Sen. Sherrod Brown, D-Ohio, says his office has gotten "close to zero" calls in support of the $700 billion plan proposed by the administration. He doubts it'll happen immediately either. "I don't think it has to be a week" he says. "If we do it right, then we need to take as long as it needs."Sherrod Brown is not what you would call a conservative Democrat and when Ohio residents (a key battleground) are not sold on the idea of a bailout, maybe it is time for Congress to really think long and hard about whether a bailout is needed and on what terms.
This one should rock you back:
In fact, some of the most basic details, including the $700 billion figure Treasury would use to buy up bad debt, are fuzzy.What, the number is not based on any data--color me shocked!!!
"It's not based on any particular data point," a Treasury spokeswoman told Forbes.com Tuesday. "We just wanted to choose a really large number."
Wow. If it wants to see a bailout bill passed soon, the administration's going to have to come up with some hard answers to hard questions. Public support for it already seems to be waning. According to a Rasmussen Reports poll released Tuesday, 44% of those surveyed oppose the administration's plan, up from 37% Monday.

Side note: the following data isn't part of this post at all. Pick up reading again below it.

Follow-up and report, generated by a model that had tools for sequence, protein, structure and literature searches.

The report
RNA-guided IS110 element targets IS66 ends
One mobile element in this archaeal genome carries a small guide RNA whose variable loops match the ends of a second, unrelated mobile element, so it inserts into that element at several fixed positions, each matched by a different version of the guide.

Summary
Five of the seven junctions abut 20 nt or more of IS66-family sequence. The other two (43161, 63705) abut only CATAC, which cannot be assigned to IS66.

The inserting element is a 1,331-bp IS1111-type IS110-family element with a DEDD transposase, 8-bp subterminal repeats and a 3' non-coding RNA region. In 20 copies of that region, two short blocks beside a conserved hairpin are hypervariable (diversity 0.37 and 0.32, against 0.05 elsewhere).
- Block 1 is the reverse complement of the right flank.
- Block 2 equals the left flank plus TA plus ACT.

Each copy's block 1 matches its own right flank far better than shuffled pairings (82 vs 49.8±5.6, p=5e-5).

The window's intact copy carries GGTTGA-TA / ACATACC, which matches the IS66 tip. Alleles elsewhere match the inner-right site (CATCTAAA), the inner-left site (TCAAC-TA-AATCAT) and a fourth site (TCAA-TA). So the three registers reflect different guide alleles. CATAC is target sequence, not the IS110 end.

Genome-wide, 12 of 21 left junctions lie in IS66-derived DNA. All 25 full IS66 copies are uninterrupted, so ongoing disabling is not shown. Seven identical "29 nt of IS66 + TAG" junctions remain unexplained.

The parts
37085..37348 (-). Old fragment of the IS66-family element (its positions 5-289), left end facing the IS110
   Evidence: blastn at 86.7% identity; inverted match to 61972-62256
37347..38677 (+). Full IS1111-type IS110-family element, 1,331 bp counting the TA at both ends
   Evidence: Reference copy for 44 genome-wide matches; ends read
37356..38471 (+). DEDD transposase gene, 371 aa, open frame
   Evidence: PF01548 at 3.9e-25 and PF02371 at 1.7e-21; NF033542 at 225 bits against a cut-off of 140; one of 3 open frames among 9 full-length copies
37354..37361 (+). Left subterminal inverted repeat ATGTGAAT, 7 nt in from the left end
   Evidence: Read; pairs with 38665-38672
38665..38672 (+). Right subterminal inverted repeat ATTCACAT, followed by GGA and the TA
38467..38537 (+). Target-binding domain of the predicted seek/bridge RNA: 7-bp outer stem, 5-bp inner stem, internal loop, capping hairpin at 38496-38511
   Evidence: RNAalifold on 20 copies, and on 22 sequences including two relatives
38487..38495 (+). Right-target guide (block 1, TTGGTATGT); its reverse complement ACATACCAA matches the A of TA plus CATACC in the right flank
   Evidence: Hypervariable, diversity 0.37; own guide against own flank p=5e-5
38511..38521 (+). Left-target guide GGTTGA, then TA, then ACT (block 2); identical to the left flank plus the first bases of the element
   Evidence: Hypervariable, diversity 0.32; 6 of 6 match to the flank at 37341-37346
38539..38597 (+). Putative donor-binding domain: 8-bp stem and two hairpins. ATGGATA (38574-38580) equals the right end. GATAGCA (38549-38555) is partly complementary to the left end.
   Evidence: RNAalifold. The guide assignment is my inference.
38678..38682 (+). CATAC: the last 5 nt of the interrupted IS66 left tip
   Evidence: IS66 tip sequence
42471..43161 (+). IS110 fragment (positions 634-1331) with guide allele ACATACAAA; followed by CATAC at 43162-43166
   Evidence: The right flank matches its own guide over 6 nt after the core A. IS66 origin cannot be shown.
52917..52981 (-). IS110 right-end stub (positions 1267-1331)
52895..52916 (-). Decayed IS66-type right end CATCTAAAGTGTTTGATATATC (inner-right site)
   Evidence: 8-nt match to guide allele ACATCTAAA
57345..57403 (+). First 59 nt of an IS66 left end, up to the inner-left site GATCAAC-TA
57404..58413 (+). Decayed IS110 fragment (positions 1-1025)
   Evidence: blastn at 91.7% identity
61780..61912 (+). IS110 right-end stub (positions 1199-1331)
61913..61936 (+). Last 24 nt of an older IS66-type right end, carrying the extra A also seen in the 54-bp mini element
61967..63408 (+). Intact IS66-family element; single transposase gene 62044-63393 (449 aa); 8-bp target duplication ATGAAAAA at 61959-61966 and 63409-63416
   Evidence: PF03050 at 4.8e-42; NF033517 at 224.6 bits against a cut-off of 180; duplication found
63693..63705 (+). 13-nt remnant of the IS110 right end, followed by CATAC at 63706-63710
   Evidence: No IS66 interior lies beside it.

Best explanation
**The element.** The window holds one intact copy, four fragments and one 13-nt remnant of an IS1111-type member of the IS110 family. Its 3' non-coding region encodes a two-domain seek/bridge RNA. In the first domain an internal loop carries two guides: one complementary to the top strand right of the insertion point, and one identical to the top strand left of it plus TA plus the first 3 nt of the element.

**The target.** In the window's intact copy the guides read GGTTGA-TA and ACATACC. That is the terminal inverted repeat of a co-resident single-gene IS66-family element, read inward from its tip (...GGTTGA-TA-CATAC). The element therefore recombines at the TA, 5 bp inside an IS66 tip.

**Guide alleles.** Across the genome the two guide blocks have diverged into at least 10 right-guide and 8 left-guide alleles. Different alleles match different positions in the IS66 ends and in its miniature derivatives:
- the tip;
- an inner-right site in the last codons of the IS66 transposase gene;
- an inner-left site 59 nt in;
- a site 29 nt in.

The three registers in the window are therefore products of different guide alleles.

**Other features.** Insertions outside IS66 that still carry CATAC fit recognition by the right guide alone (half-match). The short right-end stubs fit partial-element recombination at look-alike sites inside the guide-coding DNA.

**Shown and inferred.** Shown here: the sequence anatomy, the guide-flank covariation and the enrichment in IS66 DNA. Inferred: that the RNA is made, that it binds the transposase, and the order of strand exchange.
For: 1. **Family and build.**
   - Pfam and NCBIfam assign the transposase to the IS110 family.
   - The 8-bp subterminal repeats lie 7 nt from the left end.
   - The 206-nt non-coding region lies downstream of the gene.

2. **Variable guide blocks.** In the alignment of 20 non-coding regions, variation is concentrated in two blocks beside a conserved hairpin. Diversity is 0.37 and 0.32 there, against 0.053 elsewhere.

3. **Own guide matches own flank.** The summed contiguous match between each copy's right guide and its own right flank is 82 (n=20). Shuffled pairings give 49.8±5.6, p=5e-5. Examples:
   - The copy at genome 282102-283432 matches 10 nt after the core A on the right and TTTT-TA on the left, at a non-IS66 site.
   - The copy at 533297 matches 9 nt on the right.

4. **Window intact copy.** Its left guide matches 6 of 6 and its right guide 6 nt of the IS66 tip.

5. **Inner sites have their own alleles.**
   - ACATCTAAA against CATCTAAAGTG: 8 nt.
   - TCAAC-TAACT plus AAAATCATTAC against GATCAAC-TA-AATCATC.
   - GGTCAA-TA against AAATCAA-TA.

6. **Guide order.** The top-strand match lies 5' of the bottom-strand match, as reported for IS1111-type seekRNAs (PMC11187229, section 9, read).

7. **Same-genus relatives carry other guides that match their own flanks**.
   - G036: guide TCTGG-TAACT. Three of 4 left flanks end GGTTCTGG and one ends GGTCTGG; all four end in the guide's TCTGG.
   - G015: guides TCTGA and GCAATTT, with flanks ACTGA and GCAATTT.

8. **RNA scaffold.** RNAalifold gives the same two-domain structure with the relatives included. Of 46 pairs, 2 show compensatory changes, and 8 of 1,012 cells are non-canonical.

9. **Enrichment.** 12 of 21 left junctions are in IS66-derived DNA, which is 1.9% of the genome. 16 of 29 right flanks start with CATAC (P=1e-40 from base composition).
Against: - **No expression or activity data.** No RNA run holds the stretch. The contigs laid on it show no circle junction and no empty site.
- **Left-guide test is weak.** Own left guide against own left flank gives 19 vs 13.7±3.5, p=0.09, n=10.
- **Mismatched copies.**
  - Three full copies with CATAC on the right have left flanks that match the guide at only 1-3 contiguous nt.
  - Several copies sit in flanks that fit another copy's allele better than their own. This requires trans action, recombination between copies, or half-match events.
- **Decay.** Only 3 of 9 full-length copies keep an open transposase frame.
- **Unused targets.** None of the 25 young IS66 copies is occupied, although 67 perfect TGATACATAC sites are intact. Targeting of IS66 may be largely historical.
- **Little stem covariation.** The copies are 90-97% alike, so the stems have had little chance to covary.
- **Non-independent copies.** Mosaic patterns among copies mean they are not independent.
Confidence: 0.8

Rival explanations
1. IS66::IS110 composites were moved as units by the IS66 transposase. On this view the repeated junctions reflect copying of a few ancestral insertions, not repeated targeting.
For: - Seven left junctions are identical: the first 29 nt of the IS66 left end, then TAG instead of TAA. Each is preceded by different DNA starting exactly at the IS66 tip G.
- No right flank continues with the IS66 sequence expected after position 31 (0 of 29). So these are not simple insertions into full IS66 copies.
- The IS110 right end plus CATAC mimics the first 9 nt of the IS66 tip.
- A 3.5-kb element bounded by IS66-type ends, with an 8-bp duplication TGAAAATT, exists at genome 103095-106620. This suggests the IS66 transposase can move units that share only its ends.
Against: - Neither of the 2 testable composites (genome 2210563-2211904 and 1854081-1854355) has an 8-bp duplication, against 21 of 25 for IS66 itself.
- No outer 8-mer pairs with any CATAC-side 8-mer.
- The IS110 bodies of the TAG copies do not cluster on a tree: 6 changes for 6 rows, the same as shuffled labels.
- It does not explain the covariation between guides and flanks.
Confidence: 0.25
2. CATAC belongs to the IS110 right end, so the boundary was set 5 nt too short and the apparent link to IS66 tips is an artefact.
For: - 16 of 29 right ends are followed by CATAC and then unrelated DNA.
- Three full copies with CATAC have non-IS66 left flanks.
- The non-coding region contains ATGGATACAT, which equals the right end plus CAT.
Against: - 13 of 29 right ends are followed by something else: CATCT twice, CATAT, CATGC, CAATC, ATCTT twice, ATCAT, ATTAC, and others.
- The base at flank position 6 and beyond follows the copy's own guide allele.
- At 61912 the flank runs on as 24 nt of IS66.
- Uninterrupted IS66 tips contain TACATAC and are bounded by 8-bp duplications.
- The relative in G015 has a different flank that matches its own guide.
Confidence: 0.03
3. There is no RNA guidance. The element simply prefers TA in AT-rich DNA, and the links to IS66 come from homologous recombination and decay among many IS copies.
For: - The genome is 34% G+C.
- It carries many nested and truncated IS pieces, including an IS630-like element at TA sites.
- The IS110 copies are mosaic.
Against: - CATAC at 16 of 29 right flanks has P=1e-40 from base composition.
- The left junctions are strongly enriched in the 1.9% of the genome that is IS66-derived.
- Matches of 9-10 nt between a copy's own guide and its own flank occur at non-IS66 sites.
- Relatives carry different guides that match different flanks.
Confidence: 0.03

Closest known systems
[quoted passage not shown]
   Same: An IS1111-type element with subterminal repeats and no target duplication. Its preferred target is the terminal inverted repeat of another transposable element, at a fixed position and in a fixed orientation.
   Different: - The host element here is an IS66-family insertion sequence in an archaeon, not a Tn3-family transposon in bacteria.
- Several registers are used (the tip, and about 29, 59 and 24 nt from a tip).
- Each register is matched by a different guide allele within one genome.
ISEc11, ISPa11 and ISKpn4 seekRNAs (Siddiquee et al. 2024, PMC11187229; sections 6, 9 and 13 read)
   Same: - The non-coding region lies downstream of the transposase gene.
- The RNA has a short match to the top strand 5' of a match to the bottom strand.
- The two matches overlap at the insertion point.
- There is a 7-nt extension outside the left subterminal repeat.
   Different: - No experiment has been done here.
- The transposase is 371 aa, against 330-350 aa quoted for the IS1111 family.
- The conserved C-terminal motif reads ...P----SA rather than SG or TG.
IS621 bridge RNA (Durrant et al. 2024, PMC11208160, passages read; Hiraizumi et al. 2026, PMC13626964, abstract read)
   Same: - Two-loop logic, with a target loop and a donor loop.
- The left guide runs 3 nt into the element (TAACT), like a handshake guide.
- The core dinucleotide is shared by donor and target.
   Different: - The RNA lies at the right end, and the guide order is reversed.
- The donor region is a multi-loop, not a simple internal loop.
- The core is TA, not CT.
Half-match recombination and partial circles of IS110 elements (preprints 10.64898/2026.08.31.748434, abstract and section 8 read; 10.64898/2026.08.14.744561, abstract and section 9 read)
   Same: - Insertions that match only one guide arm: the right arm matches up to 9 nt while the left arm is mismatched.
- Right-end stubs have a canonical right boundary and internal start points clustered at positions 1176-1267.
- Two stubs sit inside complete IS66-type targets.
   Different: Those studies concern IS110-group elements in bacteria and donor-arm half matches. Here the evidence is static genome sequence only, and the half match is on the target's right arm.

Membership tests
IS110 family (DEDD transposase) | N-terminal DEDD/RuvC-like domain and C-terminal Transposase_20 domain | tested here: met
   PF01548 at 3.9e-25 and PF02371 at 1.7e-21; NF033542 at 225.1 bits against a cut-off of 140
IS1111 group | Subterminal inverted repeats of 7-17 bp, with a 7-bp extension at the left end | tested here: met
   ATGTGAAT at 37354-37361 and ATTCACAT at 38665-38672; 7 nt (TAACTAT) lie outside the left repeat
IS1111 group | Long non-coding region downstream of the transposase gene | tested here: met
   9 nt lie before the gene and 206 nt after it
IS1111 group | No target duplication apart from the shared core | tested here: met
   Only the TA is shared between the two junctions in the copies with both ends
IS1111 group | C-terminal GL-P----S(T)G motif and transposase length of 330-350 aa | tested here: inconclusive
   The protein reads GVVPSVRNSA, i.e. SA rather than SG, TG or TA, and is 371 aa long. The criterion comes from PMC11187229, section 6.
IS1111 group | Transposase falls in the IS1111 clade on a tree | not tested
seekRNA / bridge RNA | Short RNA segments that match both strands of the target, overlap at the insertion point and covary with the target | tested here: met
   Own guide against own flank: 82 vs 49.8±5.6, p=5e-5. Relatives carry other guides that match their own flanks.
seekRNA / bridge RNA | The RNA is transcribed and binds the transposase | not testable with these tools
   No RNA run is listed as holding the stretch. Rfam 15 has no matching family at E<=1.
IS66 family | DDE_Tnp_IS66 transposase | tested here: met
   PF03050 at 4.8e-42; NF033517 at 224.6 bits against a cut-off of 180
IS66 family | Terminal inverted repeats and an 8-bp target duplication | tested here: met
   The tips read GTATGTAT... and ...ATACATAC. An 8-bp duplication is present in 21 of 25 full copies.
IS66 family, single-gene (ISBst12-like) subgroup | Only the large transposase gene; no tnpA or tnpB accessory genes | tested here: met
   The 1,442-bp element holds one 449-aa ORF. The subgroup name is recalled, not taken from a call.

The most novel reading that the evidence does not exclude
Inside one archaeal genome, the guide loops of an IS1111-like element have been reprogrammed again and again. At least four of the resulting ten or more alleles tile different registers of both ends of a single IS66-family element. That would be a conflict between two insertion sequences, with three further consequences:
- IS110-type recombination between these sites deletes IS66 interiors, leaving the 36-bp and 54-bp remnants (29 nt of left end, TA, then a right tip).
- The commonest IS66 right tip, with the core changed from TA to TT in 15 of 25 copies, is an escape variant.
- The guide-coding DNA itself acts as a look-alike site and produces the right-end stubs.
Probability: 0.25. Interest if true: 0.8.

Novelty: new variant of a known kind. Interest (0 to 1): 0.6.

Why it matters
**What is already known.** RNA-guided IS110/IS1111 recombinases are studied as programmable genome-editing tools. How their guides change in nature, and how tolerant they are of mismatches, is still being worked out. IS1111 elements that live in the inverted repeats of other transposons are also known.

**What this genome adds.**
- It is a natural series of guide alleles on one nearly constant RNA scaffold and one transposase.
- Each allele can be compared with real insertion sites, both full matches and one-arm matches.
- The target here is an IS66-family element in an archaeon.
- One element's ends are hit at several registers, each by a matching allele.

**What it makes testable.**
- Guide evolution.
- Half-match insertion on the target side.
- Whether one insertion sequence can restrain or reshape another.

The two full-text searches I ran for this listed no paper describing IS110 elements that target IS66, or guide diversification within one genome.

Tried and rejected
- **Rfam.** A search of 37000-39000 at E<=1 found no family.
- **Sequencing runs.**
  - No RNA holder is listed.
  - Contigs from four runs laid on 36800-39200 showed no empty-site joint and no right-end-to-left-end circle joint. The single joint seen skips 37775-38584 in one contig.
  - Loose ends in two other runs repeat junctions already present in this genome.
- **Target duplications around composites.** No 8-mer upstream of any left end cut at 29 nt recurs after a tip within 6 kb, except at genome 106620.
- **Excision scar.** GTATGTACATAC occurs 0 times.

Wonder why the public support for the bailout is waning? Because of some of the underlying news.
1. The FDIC has stepped in to prevent banks from failing or to minimize the damage from failing banks--see Washington Mutual and Wachovia. People are not worried about the security of their money, which was one of the leading causes of the great depression, that is a run on banks when depositors lost their confidence. Is Wall Street nervous? Clearly, but I don't think Main Street is.
2. The causes of the failures around the country are being viewed by average Americans as a failure of big companies putting too much into risky investments. Whether you think so or not, most Americans understand the concept of risky investments and really don't feel much sympathy for trading houses and banks who fail because of risky investments.
3. We are too close in time to a previous legislative debacle, i.e. the PATRIOT Act for people to forget that when Congress passes something very large, very complex in a very short period of time, it is almost always a disaster early on. Fool me once shame on you, fool me twice, shame on me.
4. The American public assumes Congress is going to screw it up and thus they would rather Congress not act.